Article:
He’s not naming names, or even ready to publicly pinpoint certain positions.
But Tim Miles said he’s changing his Nebraska basketball team’s starting lineup for Wednesday night’s game against Miami in the Big Ten/ACC Challenge at Pinnacle Bank Arena.
“I have some ideas,” said Miles, the Nebraska coach. “I’m just not ready to talk about them.”
The only lineup change Miles has made this young season was replacing point guard Tai Webster with Benny Parker in the Huskers’ last two games. The rest of the lineup has been Terran Petteway, Shavon Shields, David Rivers and Walter Pitchford, save for one start from Ray Gallegos in place of Rivers.
One minor conundrum Miles faces: Two of his more productive players are doing so off the bench, and it’s a spark Miles isn’t sure he wants to douse.
Guard Deverell Biggs, at 12 points per game, is Nebraska’s third-leading scorer, and forward Leslee Smith leads the team in field-goal percentage (62.2 percent) and rebounding (6.7 rebounds per game).
Smith, in fact, prefers to come off the bench.
“Me and Coach Miles had a meeting before we took the trip to Charleston (S.C.). That’s when I told him I really like coming off the bench,” the 6-foot-8, 250-pound Smith said. “We don’t really have a lot of bigs that can come in and have an impact in the game, so I told him I don’t mind coming off the bench, being the energy guy, getting the rebounds, scoring a little bit. I just want to play that role.”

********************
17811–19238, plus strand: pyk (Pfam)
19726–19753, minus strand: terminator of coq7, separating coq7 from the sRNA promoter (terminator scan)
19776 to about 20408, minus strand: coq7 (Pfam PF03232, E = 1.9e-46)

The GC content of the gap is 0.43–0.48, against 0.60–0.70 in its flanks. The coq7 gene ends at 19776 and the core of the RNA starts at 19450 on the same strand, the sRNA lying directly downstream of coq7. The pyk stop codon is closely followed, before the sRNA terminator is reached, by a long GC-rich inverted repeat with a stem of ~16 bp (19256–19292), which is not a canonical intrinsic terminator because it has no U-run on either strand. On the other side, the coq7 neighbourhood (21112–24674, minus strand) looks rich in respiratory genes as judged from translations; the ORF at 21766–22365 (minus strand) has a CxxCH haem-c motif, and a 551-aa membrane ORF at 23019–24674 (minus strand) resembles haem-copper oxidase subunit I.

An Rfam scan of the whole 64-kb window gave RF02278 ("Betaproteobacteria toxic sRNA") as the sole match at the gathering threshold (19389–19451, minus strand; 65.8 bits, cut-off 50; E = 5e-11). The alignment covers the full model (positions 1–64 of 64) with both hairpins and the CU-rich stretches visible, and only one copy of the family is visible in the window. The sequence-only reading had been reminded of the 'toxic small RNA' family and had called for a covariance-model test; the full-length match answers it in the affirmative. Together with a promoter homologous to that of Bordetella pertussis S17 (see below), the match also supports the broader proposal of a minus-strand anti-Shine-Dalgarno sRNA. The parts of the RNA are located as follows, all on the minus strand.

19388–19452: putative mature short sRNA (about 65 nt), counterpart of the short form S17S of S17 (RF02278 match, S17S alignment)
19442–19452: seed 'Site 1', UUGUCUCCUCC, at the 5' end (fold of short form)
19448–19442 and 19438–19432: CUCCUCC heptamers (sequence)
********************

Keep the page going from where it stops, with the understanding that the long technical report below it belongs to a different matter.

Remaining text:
Miles agrees, saying Smith’s minutes (19.1 per game) wouldn’t be much different than if he was starting. Smith battles a chronically sore knee, and Miles is cognizant of that, saying there are times he has to back off one of his few big men.
“Leslee’s impressed me a great deal,” Miles said. “His play on the court has been very good, but his poise and his maturity off the floor, in team meetings, what he has to say, is really good. He’s an old soul. I just look at him as one of those guys that he’s got a little bit of wisdom to him.
“So when he says something, his teammates really respect him and they really like to know his perspective because, A, he’s right a lot, and B, he’s man enough to admit a mistake or he’s man enough to say, ‘Hey, this is a real problem for us. If we don’t solve this problem, it’s going to be a bigger problem.’ I think guys don’t always want to face those facts, but when they hear them from a teammate, it just sticks a little tighter.”
Miami is 5-3 after two victories in the Wooden Legacy, including one against Arizona State on Sunday. The Hurricanes boast a long, athletic lineup similar to what Nebraska saw from Massachusetts and Georgia in the Charleston Classic, Miles said.
“They’re not huge, but at the same time they have big, long guards and now they’re running some match-up zone, which will be unique,” he said. “We haven’t seen that yet.”
* Of the five players in Nebraska’s lineup who’ve attempted at least 20 free throws, four are shooting a combined average of 78 percent. The fifth, Webster, is shooting 56.3 percent, and leads the team with 48 attempts. “Tai would be averaging 13 points a game if he just shot 75 percent at the foul line,” Miles said of the freshman guard, who averages nine points. “That will happen in time. He’s just got to get it out of his mind and he’ll be fine.”
* Miles is hoping for a large crowd Wednesday despite the 8:30 p.m. tip-off to accommodate an ESPNU broadcast. “I know it’s a late game because of television,” he said, “but at the same time, what the heck. So you’re a little sleepy on Thursday. C’mon.”
* Miles said he wasn’t surprised that Alabama-Birmingham defeated North Carolina on Sunday. “They’re a really good team,” Miles said of the Blazers, who defeated Nebraska 87-74 in Charleston, S.C. “We’re playing some good teams. We’re not catching our breath very often.”